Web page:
The National Anti-Poverty Commission (NAPC) is providing support to the 14 basic sectors of Philippine society. These basic sectors represent the poor in this country. RA 8425 otherwise known as the Social Reform and Poverty Alleviation Act enacted in 1997 institutionalized the participation of the basic sectors in the anti-poverty initiatives of the government. CCF is quite active in the children sector. As a matter of fact, CCF played an important role in institutionalizing the participation of children as a separate basic sector in NAPC. The “workers in the informal sector” and the “cooperative” sector are included in the 14 basic sectors. The Sectoral Agenda prepared by the “informal sector” for 2001 and beyond included were based on major issues which included:
- access to credit;
- stringent policies/requirements on credit windows for small businesses;
- security of livelihood and workplace from police harassment
Among the agenda prepared by the Sector for the present administration included: Asset Reform- Setting up of micro-credit guarantee fund for Informal Sector (IS)workers; establish more flexible, accessible and responsive credit policies.
- Human Development Services – Establish common market for products (social and physical infrastructure)
- Employment and Livelihood Service – Social security and protection thru amendment of SSS IRR on accreditation of coops and associations as collecting agents of SSS;
- Finalization and implementation of EO 452 for security of vendors in the workplace.
- Basic Sector Participation – Increase IS awareness on anti-labor legislation;
- Establish more friendly, reasonable regulations and policies at the local level for small transport operators and drivers;
- Security and Social Protection – Issuance of an EO outlining government policy on protection and recognition of IS, emphasizing security of livelihood and workplace.
The above issues and demands of the Informal Sector focus on their need for security and protection. Given the conceptual model and the alternative paradigm, the above focus only on the exogenous factors. The endogenous factors which represent obstacles to strengthening the informal sector are hardly mentioned. This is perhaps due to the fact that NAPC is a medium for “advocating the demands” of basic sectors for government action needed to improve the situation of the poor sectors in Philippine society. For an NGO like CCF, it is also very important to not only look into how its organized groups can participate in basic sector activities on the barangay, municpal, provincial, regional and national levels but it should also continue to strengthening the organizational base and capacity of the Parent Associations and the various IGP groups assisted by CCF all over the country.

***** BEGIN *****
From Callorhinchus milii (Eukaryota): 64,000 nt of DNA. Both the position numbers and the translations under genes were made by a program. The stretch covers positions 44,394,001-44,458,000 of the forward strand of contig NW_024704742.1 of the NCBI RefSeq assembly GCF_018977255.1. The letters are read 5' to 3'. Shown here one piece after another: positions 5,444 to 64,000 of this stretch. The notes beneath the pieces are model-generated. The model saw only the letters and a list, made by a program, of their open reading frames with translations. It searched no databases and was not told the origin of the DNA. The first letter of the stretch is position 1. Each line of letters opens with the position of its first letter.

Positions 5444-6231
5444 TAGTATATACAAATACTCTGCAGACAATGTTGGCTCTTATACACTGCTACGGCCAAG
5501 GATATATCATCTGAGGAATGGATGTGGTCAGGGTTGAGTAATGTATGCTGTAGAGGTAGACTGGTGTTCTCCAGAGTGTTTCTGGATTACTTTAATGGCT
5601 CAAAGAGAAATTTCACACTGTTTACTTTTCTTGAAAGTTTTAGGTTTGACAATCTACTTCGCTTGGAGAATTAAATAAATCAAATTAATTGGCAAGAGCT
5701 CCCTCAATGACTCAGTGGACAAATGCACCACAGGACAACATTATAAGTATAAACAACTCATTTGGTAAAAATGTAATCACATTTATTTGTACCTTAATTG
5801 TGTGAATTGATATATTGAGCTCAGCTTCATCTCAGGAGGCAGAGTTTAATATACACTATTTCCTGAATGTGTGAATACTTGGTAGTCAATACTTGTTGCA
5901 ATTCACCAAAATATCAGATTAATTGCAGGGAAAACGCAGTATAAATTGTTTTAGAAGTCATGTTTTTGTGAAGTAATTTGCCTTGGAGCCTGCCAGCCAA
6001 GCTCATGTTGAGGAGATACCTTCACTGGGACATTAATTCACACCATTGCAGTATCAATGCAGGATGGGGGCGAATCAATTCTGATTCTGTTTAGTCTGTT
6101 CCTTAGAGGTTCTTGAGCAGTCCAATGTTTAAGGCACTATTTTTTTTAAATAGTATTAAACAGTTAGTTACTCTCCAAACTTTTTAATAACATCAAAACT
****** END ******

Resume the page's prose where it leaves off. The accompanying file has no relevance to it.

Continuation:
The inter-connectedness of people’s actions, decisions, choices and their value system should be an important component of the program. In CCF, the Micro-Enterprise Dev. (MED) and Livelihood projects are viewed in relation to how the income from these activities increase the capacity of families to improve the health, nutrition and education of their children. Since the basic moving factor in the participation and involvement of parents in MED and IGPs is “money”, the insights related to money should be applied to this program as well. The value system of the person is related to such problems experienced by CCF projects: high rates of delinquency in repayments of loans; use of capital for other purposes, that is, other than the business applied for; very low profit or income from the business. Aside from the value system, the variables identified in the conceptual model and the impact of globalization on the local economy, should also be studied for purposes of arriving at alternative schemes and interventions.
That small business enterprises are playing an important role in the nation’s economy is another insight gained by this student. The presence of SBEs in the market can be a strong guarantee to ensure healthy competition among firms. The more business enterprises operate in the market, the more the economy becomes alive, vibrant and dynamic. But this condition implies that the entry, existence , and growth of SBEs are protected and encouraged. As of now, there are only a handful of SBEs existing among CCF beneficiary communities. Most are small informal types of businesses. How to assist this small informal types of businesses to become SBEs is perhaps another challenge to CCF.
In line with its Vision of a self-reliant and socially responsible family and community where children are cared for and grow up to become healthy, responsible, productive and free members of society, the capacity of families to participate in the socio-economic life of the community should be enhanced. A holistic, integrated approach to this continues to be one of the major challenges of CCF today and for the coming years.